Thousands of desperate migrants are trapped in limbo and even at the risk of death without food, water, or shelter in scorching deserts and at sea, as governments close off borders and ports amid the coronavirus pandemic.
Migrants have been dropped by the truckload in the Sahara Desert or bused to Mexico’s desolate border with Guatemala and beyond. They are drifting in the Mediterranean Sea after European and Libyan authorities declared their ports unsafe. And about 100 Rohingya refugees from Myanmar are believed to have died in the Bay of Bengal, as country after country pushes them back out to sea.
Many governments have declared emergencies, saying a public health crisis like the coronavirus pandemic requires extraordinary measures. However, these measures are just the latest efforts by governments to clamp down on migrants, despite human rights laws.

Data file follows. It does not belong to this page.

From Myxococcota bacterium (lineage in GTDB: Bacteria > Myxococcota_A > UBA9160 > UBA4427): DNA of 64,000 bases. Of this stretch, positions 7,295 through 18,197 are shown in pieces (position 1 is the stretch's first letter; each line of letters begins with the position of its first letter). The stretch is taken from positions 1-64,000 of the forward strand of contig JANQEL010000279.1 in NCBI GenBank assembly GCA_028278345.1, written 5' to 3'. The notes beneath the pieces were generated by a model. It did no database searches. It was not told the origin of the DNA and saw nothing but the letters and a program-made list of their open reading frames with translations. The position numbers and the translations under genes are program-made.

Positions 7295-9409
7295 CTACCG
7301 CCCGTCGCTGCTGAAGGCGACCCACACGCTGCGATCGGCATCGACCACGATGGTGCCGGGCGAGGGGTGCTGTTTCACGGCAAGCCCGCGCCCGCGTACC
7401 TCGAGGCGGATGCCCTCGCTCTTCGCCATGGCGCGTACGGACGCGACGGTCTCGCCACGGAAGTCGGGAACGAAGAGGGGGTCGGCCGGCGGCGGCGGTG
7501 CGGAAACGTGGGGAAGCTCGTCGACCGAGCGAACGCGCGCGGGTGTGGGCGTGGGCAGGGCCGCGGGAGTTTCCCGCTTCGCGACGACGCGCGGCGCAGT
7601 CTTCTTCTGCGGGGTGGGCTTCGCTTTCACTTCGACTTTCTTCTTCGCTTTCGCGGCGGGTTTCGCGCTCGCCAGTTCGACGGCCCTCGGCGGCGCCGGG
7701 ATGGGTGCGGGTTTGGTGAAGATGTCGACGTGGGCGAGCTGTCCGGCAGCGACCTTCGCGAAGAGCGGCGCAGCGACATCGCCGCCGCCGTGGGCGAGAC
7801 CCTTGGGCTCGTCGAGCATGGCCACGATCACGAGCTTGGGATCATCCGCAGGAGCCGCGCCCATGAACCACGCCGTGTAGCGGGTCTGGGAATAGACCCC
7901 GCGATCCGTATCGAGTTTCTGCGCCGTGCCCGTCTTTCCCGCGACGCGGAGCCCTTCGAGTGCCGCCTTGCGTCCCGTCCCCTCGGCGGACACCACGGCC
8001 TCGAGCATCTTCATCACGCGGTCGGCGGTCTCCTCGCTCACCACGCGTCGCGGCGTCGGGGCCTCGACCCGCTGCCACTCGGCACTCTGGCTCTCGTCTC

"They just dumped us,” said Fanny Jacqueline Ortiz, a 37-year-old Honduran traveling with her two daughters, aged 3 and 12.
Ortiz reached the U.S., but American authorities expelled her to Mexico. The Mexican government, in turn, abandoned the family on March 26 at the lonely El Ceibo border crossing with Guatemala. Ortiz and other migrants on the two-bus convoy were told to avoid the Guatemalan soldiers guarding the border, which was closed due to the pandemic.
"They told us to go around through the mountains, and we slept in the woods,” she recalled.
Over the next few weeks, an activist helped Ortiz and others in her group of 20 find a ride to the next border, in Honduras.